On Friday morning, published an engaging piece by Kelly O’Mara. (You can read it at O’Mara’s piece basically asked the question: should the top age group competitors be forced to turn pro? 

The question gained a lot of traction on social media. It got me thinking, too, and after lots of back and forth with Triathlon Squad coach Paulo Sousa, I felt I should add my opinion to the debate and what’s more, I’d need more than 140 characters to do so!

So what follows is one pros opinion on the problem that currently exists with simply defining a ‘professional triathlete’ (and later on, my solution to this problem). 

What is a pro triathlete?

A clear definition of a ‘professional triathlete’ can only help bring added value to the sport, for professionals, elites, and age groupers alike. Because right now, there’s just too much ambiguity around this term.

Is a pro triathlete somebody who makes money racing? Is it an athlete that has completed a set distance in a set time? Or is it simply somebody who owns a piece of paper that says ‘Pro Licence’ on it?

I even went and checked the dictionary, and according to Webster’s, a professional is an individual who earns their living from a specified activity.

Anyway, for the purposes of this piece, I want to use my experience with becoming a professional to show some of the flaws that exist when it comes to making this definition.

How I Became a Pro Triathlete - Take 1: 

About five years ago I decided I wanted to become a pro. I’d won my age group at the national championships, I’d won some local races, and I’d found myself on the podium at some larger races. At the end of the season I decided to apply for my elite license (which confusingly is used interchangeably with a pro license). 

So I submitted my resume with all my race results, and just like that, I was granted my elite license. Bingo! Did that make me a professional? At the time I thought so, but turns out it didn’t. 

To be totally honest, I’m not really sure what this card does (maybe someone from Triathlon Ontario will read this and clarify?) because I’ve known athletes who have this card to race one weekend as a “pro” and the next as an “age grouper”. So it doesn’t really make sense. In fact, it’s pretty confusing.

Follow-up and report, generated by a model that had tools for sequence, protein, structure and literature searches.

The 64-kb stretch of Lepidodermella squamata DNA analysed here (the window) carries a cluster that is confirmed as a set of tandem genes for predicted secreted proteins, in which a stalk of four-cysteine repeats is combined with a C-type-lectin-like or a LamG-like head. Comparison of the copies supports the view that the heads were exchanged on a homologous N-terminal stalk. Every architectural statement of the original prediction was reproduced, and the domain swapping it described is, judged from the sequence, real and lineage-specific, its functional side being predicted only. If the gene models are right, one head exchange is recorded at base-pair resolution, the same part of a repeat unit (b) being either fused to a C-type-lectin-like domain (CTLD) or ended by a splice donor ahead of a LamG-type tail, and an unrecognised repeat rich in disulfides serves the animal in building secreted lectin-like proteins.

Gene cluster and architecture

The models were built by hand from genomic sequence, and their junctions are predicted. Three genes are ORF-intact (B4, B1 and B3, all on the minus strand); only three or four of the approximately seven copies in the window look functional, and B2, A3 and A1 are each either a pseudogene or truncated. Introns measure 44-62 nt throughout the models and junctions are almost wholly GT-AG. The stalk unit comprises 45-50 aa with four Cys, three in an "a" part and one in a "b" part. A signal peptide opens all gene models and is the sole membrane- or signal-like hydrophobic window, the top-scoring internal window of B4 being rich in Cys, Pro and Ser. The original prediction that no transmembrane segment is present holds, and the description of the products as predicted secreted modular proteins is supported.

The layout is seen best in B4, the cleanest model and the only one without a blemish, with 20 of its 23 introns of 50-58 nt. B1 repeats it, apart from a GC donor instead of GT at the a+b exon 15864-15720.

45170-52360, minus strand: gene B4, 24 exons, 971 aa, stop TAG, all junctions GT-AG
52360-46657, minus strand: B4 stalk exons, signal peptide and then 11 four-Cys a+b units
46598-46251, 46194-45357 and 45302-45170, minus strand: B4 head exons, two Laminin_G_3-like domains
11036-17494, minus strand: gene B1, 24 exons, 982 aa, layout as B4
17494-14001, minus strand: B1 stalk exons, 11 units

How I Became a Pro Triathlete - Take 2:

At this point I had my elite license. I was happy. I was good to go. I signed up for my first pro race, Rev3 Knoxville. 

A few weeks leading into the race I’m looking around online and I come across the Triathlon Canada International Competition Card (ICC). Hmmm, I say. I wonder what’s this? 

I dig around some more and suddenly discover that THIS is actually what you need to race as a professional (I’m still not sure if this discovery was 100 per cent correct. Nobody has ever clearly defined this to me.) 

So, in a panic, I quickly apply for this newly uncovered card. Now, there are a few different ways to qualify for an ICC. You can send in a resume (this is what I did). You can go under a certain time for a Half Ironman (4:20 for men and 4:45 for women) or a Full Ironman (10:00 for men and 10:45 for women). Or, you can place in a certain position at world championships. 

Luckily I was granted my ICC card based on my resume, and I was good to go. Again. Was I professional triathlete at this point? I’m not sure.

The problem is, some athletes with an ICC card will still race age group at bigger races and to me, this is where the flaw in defining ‘What is a professional triathlete’ really begins. It’s the source of a problem that flows for quite some distance.

Before Knoxville, I thought some more about my own status. According to Triathlon Canada and Triathlon Ontario I was a professional triathlete. According to the dictionary I was not. 

Pro or not, I got destroyed in that first race. I finished behind some age groupers and behind some of the pro women. That trend continued for a few years, until 2014, when I began to mix things up in the pro field. 

Should I have been granted a professional license when I first applied? Probably not. At the time, I'd have preferred to race at the back of the pro field, gaining some experience, rather than race towards the front of the age group race, but looking at it now, in the cold light of day and with a few years of racing as a pro under my belt, I feel I decreased the value of other pros in those races.

Racing at the back of the pro field, I was one of those guys that others, sponsors included, looked at and asked: is the pro triathlete valuable? 

Stay tuned for Part 2: My suggestion for a solution - the category system or open racing.